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I'm working on a dApp and I am trying to figure the following issue. I want to map an address to a dynamic list of items in one of my contracts. In this way when a user logs, he/she has their own list of items (a bit like cryptokittens work, for each address you can have the list of kittens for that address). My question is: can I do this mapping? Is it bad/not efficient? I have been told it is, and I couldn't really figure how to do it efficiently. Some people I work with suggest to put this info offchain. Is this the right approach? I would rather have everything onchain.

Thank you

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This is not efficient in a way that you would have to call for every single item that user owns because currently you cannot return list of structs in solidity. But you can easily return list of ids of items that belong to the user and then get information about this items (unfortunately also one by one). But as this function returning information about items are "view" functions, they do not cost any gas. If user does not have dozens or hundreds of items, I don't think this is the problem.

The below code is just an example, it lacks security logic (anyone can call any function)

pragma solidity ^0.4.21;

    contract ItemsAndUsers {
    struct Item {
        uint id;
        string nameOfItem;
        string typeofItem;
        uint value;
    }

    //In this form user struct doesn't make much sense as it has only one field, 
    //but we can imagine it being more complex
    struct User {
        address userAddress;
    }

    Item[] public allItems;
    User[] public allUsers;

    mapping (address => uint[]) public userItemsIds;
    mapping (uint => address) public itemIdToUser;

    function createUser() public {
        uint[] memory items;
        User memory user = User({
          userAddress: msg.sender
        });
        allUsers.push(user);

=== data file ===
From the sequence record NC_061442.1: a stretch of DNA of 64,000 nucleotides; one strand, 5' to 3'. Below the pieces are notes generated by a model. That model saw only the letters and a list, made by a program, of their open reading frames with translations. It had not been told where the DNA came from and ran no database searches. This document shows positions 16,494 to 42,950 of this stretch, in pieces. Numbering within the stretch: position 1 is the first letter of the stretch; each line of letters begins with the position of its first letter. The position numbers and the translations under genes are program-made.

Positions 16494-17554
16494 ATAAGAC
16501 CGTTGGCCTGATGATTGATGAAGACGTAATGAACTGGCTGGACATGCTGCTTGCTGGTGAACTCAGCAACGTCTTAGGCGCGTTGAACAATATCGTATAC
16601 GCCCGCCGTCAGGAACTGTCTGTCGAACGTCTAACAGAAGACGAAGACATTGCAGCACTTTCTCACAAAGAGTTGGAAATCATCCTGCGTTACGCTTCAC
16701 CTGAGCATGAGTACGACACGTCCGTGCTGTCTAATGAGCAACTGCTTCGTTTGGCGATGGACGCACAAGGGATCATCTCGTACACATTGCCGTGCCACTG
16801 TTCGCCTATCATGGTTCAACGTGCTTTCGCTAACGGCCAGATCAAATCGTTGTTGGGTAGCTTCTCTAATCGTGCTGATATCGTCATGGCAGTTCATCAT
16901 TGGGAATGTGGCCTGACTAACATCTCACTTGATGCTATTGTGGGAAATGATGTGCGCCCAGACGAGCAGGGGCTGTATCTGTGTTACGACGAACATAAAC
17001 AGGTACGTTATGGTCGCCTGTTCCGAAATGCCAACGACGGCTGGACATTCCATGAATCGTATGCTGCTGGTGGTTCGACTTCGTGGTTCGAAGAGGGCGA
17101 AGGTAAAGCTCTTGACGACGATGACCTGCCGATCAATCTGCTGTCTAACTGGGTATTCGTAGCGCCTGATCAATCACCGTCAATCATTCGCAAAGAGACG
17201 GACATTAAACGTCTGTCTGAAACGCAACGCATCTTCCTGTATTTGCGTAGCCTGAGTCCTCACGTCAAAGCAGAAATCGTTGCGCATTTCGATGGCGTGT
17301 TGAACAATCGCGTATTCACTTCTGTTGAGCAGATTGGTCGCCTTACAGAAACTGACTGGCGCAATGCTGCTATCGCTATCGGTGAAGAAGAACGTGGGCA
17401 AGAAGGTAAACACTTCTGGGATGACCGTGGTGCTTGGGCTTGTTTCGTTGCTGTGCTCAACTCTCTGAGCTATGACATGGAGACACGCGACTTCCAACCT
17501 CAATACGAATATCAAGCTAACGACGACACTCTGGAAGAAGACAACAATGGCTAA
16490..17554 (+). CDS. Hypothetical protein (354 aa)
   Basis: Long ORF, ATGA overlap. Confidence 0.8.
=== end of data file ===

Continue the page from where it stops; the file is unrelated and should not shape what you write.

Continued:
}

    function createItem(string _name, string _type, uint _value) public {
        Item memory item = Item({
           id: allItems.length,
           nameOfItem: _name,
           typeofItem: _type,
           value: _value
        });
        allItems.push(item);
    }

    function assignItemToUser(address _userAddress, uint _itemId) public {
        itemIdToUser[_itemId] = _userAddress;
        userItemsIds[_userAddress].push(_itemId);
    }

    //This function will return list of ids of all items belonging to the _userAddress
    function getUserItems(address _userAddress) public view returns (uint[] items){
        return userItemsIds[_userAddress];
    }

    //This function returns all information about single item
    function getItemInfo(uint _itemId) public view returns (uint id, string nameOfItem, string typeofItem, uint value) {
        Item memory item = allItems[_itemId];
        return (item.id, item.nameOfItem, item.typeofItem, item.value);
    }
}

So basically you would have to call getUserItems function once, and getItemInfo for every item that this user owns

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You want a mapped struct with index, and you want to store inside a mapped struct with index.

Mapped, so you can resolve keyExists(key) or getDetails(key) in one move. Indexed, so you can count the keys and enumerate the list.

Each time you insert a mapped struct you should also append a key to the index, taking care to avoid duplicate keys.

struct MemberStruct {
   bool isMember; 
   // ... carry on
}

mapping(address => MemberStruct) public memberStructs;
address[] public memberList;

That is a basic structure that covers most bases. If you don't need to delete, life is easier. Have a look over here for better examples: Are there well-solved and simple storage patterns for Solidity?

You can use that pattern to maintain two lists in a single contract. What you're describing is a one-to-many join. You probably need the CRUD operations for both tables, plus a way to enforce referential integrity.

To accomplish that, you'll have to manage bi-directional pointers in both tables. https://medium.com/@robhitchens/enforcing-referential-integrity-in-ethereum-smart-contracts-a9ab1427ff42

As Mike quite rightly pointed out. It's vital that you maintain internal organisation so you can complete all operations without unbounded for loops or recursion. If you find yourself looping through records, it's a sign things are off track. You have to arrange things so the needed row, for example, is known immediately.

Hope it helps.

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